Saturday, August 19, 2017
You drive through Ironbridge with the river on your left and suddenly you see a row of brick gables with a pointed Gothic window under each and buttresses sticking out on to the pavement. A little further on, the end of the building reveals its from behind some trees and your jaw drops as a pair of slender turrets – crenellated and with faux arrow loops, but far too small for an archer to stand inside – and an apse-like structure with more crenellations and pointed windows appears. Whatever can it be?
The short answer is that it’s the Museum of the Gorge, where visitors can go to learn all about the Ironbridge area. But of course it has not always been a museum. It was built in around 1840 as the Severn Warehouse, where finished items from the foundries were stored until the River Severn’s water level, which varied greatly from season to season, was high enough for boats to transport them away. The main block, with the row of gables, was the warehouse; the apse was an office; the turrets conceal chimneys. The architect of all this was Samuel Cookson, who clearly wanted a ‘statement building’, something to stand out and catch the eye: architecture as advertisement. There are other warehouses nearby, but they are quite plain.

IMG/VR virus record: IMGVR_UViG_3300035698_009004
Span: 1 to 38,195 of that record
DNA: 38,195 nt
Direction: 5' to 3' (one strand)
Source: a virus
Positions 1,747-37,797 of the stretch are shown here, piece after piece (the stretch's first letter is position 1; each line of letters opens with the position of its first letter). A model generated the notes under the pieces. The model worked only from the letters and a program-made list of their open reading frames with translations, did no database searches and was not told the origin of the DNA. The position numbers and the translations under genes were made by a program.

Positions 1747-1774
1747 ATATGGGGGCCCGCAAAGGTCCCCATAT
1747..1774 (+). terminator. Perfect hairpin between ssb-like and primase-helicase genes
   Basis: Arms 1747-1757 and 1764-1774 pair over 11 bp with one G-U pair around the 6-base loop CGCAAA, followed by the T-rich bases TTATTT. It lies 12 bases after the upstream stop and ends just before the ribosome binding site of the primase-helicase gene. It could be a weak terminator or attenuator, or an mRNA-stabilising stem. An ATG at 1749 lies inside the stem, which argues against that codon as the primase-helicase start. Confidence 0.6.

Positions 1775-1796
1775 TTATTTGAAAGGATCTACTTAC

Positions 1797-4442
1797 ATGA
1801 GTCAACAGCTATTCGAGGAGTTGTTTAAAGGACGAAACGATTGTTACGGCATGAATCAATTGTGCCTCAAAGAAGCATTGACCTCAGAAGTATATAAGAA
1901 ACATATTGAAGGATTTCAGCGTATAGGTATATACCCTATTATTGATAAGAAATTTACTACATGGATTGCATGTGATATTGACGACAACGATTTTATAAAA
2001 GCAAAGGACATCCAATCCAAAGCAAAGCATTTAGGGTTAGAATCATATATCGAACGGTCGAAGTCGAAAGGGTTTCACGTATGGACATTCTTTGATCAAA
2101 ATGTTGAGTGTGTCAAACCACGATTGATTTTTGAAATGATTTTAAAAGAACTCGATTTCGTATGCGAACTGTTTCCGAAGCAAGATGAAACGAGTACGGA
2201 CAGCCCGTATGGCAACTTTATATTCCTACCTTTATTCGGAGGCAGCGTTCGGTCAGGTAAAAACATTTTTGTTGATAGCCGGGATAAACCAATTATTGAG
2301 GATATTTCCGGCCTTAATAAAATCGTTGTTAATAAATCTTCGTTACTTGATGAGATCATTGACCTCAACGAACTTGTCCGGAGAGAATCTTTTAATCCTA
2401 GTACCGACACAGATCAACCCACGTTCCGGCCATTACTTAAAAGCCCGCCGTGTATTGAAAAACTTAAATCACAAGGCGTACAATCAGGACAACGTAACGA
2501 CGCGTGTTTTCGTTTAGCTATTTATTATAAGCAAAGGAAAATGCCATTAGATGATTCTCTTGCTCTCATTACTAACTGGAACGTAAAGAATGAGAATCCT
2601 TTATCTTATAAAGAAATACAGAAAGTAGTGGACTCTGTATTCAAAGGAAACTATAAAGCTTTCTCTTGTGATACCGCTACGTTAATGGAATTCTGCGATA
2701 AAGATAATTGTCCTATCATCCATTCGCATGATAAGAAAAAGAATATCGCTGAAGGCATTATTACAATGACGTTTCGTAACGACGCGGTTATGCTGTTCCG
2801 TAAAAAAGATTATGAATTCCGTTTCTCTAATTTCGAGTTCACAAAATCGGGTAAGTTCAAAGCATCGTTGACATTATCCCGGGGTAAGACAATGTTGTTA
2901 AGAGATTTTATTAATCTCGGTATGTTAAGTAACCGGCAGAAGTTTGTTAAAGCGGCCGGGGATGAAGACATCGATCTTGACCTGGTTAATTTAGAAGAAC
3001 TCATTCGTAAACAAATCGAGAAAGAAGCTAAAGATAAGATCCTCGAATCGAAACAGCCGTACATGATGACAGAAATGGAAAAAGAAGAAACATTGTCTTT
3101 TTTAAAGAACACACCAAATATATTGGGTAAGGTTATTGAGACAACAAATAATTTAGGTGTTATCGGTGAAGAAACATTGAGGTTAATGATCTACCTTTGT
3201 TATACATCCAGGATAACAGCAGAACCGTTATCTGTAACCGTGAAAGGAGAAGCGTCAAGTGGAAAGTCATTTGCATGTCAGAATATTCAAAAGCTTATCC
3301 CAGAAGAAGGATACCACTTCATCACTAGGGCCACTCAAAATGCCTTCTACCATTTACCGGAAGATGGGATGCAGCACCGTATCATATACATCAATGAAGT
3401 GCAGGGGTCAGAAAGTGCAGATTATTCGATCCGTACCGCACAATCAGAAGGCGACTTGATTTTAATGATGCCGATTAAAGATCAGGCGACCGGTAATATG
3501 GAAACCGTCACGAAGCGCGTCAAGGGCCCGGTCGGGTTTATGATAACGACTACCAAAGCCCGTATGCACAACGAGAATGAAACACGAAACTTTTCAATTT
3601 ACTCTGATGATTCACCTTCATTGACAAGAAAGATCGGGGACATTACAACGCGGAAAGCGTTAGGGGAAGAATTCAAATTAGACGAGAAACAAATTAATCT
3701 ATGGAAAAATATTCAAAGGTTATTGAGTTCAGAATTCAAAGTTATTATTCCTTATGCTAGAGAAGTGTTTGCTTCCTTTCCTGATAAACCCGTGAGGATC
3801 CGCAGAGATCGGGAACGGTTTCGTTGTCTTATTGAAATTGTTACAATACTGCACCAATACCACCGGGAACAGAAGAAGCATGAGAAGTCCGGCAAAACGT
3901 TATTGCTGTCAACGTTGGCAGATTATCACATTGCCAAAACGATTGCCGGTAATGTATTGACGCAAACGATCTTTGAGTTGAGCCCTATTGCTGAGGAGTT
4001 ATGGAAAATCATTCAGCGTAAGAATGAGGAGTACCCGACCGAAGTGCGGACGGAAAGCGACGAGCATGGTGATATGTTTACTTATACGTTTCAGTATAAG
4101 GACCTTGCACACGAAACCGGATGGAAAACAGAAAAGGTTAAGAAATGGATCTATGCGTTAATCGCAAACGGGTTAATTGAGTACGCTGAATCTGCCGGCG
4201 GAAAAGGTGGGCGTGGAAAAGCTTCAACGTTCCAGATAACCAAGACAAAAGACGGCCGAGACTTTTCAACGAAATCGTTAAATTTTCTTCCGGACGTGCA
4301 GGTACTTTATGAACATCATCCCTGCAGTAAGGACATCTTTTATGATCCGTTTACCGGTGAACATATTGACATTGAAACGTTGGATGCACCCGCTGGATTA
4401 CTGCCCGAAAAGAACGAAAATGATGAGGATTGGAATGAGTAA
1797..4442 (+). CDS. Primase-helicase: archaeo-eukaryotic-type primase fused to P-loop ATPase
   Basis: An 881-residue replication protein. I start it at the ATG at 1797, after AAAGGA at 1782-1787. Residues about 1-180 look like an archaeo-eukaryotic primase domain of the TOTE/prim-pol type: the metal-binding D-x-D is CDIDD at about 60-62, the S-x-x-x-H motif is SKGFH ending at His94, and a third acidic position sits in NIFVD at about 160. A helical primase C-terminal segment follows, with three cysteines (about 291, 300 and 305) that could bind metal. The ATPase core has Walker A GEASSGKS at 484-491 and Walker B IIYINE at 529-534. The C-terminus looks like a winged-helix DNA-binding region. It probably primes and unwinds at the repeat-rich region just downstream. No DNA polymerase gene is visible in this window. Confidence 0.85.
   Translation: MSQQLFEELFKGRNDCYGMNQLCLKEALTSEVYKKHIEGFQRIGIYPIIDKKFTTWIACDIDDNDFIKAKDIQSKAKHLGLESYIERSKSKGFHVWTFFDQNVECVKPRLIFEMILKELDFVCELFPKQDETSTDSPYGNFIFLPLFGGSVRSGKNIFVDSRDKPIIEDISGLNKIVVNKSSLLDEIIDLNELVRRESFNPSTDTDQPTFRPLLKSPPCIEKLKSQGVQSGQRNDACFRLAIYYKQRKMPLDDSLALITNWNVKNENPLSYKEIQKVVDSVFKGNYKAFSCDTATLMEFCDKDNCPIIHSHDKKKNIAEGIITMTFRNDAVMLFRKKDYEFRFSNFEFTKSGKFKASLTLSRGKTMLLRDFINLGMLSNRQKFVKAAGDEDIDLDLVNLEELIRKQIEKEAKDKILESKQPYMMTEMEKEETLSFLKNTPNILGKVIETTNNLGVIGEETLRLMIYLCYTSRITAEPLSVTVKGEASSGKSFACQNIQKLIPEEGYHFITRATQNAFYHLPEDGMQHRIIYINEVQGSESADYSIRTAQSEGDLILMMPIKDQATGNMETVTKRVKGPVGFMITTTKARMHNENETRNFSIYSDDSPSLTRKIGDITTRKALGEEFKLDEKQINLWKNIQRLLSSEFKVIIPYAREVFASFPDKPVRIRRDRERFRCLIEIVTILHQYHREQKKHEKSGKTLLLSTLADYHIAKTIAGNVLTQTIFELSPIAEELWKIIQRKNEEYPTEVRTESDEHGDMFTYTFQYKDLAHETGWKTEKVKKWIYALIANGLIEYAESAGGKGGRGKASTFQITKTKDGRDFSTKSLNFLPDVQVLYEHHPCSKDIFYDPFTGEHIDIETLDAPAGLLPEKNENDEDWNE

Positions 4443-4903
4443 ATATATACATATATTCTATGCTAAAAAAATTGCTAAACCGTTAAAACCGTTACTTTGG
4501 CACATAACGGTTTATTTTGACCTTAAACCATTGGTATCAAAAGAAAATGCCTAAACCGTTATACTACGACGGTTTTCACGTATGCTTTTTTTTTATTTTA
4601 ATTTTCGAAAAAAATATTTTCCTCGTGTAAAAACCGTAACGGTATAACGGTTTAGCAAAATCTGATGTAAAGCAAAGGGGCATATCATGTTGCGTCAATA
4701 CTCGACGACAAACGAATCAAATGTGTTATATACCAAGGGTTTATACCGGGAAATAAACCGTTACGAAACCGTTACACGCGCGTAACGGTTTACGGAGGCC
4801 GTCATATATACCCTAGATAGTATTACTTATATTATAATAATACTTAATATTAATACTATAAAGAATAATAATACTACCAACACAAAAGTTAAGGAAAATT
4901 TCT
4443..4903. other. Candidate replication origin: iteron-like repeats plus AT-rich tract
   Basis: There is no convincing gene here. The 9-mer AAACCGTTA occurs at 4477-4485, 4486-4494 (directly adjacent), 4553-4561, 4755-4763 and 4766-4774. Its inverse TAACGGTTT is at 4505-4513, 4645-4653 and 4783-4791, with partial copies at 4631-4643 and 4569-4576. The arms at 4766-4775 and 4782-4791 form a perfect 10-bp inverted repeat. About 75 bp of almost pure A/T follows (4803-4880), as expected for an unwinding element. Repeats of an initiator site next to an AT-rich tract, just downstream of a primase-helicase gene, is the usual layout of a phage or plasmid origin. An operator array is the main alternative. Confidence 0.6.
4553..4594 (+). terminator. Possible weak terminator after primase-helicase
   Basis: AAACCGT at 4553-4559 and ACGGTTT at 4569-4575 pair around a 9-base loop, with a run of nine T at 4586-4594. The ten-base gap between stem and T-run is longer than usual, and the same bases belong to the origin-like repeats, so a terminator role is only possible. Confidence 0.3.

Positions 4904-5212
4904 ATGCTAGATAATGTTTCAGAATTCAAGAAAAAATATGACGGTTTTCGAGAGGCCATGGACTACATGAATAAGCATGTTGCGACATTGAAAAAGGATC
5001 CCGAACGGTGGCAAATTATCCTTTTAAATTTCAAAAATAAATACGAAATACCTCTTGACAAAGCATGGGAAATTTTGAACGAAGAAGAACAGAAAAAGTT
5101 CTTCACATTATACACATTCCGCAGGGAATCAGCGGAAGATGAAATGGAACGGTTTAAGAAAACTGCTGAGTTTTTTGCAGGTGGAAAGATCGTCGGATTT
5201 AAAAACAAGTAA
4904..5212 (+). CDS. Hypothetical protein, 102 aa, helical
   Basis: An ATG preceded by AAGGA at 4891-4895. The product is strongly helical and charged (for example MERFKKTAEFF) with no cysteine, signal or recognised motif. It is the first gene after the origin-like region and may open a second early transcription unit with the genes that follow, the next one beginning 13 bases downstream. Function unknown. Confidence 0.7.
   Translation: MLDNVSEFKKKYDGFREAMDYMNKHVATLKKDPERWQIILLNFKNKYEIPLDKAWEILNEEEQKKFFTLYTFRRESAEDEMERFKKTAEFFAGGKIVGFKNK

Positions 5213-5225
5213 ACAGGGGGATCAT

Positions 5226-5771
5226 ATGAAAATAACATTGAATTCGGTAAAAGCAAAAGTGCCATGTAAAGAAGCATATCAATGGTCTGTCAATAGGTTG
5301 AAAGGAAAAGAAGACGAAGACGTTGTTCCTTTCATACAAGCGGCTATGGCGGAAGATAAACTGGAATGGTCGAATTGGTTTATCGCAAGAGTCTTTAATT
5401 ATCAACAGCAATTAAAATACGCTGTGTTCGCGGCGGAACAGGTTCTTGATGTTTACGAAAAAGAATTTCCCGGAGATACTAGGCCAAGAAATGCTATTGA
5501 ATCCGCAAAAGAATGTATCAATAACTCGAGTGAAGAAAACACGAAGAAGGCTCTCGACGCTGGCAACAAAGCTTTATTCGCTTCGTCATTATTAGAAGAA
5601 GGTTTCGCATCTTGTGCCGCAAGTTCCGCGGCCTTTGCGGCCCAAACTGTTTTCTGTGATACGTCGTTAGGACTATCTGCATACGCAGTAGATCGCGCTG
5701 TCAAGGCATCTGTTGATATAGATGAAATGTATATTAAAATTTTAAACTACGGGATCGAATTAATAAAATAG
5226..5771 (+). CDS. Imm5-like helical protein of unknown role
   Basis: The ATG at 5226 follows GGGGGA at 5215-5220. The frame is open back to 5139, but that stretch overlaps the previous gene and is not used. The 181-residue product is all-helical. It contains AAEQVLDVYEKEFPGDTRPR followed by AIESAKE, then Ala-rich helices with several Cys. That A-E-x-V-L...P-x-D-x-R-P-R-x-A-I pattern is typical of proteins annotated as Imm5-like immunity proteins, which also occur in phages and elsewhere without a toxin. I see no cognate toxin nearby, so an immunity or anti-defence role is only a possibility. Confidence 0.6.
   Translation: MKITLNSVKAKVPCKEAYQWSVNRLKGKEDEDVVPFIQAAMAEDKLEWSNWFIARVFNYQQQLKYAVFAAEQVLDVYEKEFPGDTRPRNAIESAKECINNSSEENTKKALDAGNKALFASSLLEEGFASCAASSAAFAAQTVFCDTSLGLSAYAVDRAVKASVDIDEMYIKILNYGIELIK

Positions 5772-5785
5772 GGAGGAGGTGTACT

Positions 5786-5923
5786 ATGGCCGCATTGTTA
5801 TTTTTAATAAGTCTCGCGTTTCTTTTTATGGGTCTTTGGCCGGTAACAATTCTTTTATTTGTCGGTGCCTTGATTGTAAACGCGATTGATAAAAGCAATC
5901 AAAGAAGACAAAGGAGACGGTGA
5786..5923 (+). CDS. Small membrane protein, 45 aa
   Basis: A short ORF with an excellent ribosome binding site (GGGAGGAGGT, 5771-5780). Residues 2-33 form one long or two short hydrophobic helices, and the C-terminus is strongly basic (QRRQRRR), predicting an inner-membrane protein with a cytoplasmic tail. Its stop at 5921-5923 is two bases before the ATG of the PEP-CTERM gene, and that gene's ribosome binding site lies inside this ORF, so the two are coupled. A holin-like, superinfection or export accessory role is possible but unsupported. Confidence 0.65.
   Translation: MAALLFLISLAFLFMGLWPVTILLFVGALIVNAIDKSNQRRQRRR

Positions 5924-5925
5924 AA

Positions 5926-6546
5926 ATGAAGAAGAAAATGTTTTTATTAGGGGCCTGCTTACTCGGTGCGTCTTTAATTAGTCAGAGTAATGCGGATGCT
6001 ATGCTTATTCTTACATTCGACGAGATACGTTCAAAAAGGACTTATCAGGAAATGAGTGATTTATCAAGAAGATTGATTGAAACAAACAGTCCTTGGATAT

The ironmasters of the industrial revolution liked to show off the versatility of their chosen material, making furniture, signs, even coffins of iron, as well as the more expected industrial machinery and bridge components. But this area was not just a source of iron, it was also rich in clay, spawning potteries, tileworks, and brickworks. Cookson’s extraordinary building is an example of what Ironbridge’s brick workers could do when they tried.